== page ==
One summer, about 2006, I had the pleasure of visiting a Tuberose farm near Pune. Indian farm plots are quite small--this one was about an acre I think. Marigolds were planted along the edges, and interspersed with the tuberose.
Like asparagus, tuberose grows as a single long stalk; not on a bush or tree. There is no relation to Rose--the Latin binomial is Polianthus tuberosa whereas roses all belong to the Rosa ssp.
In India, tuberose flowers are primarily used in temples. In fact, about 80% of all flowers grown in India are on their way to be offered to the Gods. Tuberose, as well as Jasmine, Lotus, Champa, Gingerlily and of course Marigolds and many other flowers are offered to the priest inside the temple. He will take them and offer them in turn to the deity--whomever that may be, as temples are usually dedicated to one principal God and often there will be small shrines dedicated to other Gods inside. For example, a temple may be dedicated to the Mother Goddess in the form of Kali but inside there might be different shrines to worship Shiva, Ganesha, Hanuman, or other deities.
Once the priest has taken your offering of flowers (and often food,) you will receive more of the same back; this has already been blessed. It's now called Prasad and it's considered holy. You can nibble a little; share it with friends, strangers, cows, any other creature.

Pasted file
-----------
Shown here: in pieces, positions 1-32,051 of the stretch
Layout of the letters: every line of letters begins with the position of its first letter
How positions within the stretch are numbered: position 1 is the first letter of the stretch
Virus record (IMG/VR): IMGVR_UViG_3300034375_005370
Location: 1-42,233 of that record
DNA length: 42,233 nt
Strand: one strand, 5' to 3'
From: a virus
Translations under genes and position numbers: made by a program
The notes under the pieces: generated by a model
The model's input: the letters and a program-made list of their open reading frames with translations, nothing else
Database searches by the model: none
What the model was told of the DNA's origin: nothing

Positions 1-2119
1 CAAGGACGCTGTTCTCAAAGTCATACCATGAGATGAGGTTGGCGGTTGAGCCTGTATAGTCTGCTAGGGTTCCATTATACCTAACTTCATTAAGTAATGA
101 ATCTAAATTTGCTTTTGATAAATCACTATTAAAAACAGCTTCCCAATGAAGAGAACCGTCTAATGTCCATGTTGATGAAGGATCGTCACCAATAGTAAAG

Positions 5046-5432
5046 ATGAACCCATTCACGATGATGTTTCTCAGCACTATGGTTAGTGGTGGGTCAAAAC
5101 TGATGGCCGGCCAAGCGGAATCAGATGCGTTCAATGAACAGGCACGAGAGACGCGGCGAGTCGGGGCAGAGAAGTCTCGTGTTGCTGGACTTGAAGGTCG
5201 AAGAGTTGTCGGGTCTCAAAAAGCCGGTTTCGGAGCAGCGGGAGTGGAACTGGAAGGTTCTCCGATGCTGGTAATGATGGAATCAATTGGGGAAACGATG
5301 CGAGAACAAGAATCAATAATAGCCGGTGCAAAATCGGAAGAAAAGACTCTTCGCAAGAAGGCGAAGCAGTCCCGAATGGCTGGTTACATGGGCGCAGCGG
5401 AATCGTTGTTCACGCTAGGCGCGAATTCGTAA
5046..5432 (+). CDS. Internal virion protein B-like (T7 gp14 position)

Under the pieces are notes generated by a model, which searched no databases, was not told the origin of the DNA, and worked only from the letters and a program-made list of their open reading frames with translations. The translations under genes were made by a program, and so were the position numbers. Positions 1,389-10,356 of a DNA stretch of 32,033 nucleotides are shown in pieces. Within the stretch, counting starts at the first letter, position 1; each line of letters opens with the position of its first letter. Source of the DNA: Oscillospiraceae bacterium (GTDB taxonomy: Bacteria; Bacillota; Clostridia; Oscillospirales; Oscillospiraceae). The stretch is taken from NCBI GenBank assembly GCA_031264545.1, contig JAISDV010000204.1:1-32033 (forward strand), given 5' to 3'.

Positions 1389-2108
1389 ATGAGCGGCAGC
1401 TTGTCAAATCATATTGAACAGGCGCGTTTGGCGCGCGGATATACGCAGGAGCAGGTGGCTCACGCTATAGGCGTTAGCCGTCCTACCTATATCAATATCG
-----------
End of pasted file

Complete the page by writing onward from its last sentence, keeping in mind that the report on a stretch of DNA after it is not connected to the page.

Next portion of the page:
Of the remaining 20% of flowers, most of these go for weddings, which in India are large, lavish, and wild celebrations. A tiny percentage ends up on the street in the form of garlands for ladies to wear in their hair, and the remaining flowers wind up in extraction facilities, to be processed into concretes, absolutes, and similar products to feed India's ever increasing industrial and export capacities.
I love tuberose, although the flowers we occasionally find here in New York are quite sad in comparison, rarely opening and feebly fragranced. Tuberoses tend to like a Mediterranean climate, and pop up like freaks all over Mexico, Southern California, Egypt, and surrounding climates. However, they apparently take a plethora of water well, despite the dryness a Mediterranean climate implies. These pictures were taken at the end of the rainy season and one can see that the tuberoses are happy and plentiful. In fact, they are the first of the season's big fragrant flowers to come out.
Tuberose scent is very heady--it's a rich, heavy and voluptuous floral, fecund and aphrodisiac, startlingly sexual in its femininty, yet completely narcotic. Smelling a jar of Tuberose concrete will easily take your entire senses away--the taste of tuberose can immediately be felt in the back of the mouth. This flower, in its concentrated form, is not for the weak of spirit. But to a strong and passionate nature, tuberose, either alone, or in combination with other great florals, is a wonderful, powerful and erotic journey into desire.
This post originally appeared on the Absolute Trygve blog in 2006 and has been slightly edited for clarity.
© Trygve Sahar Harris 2006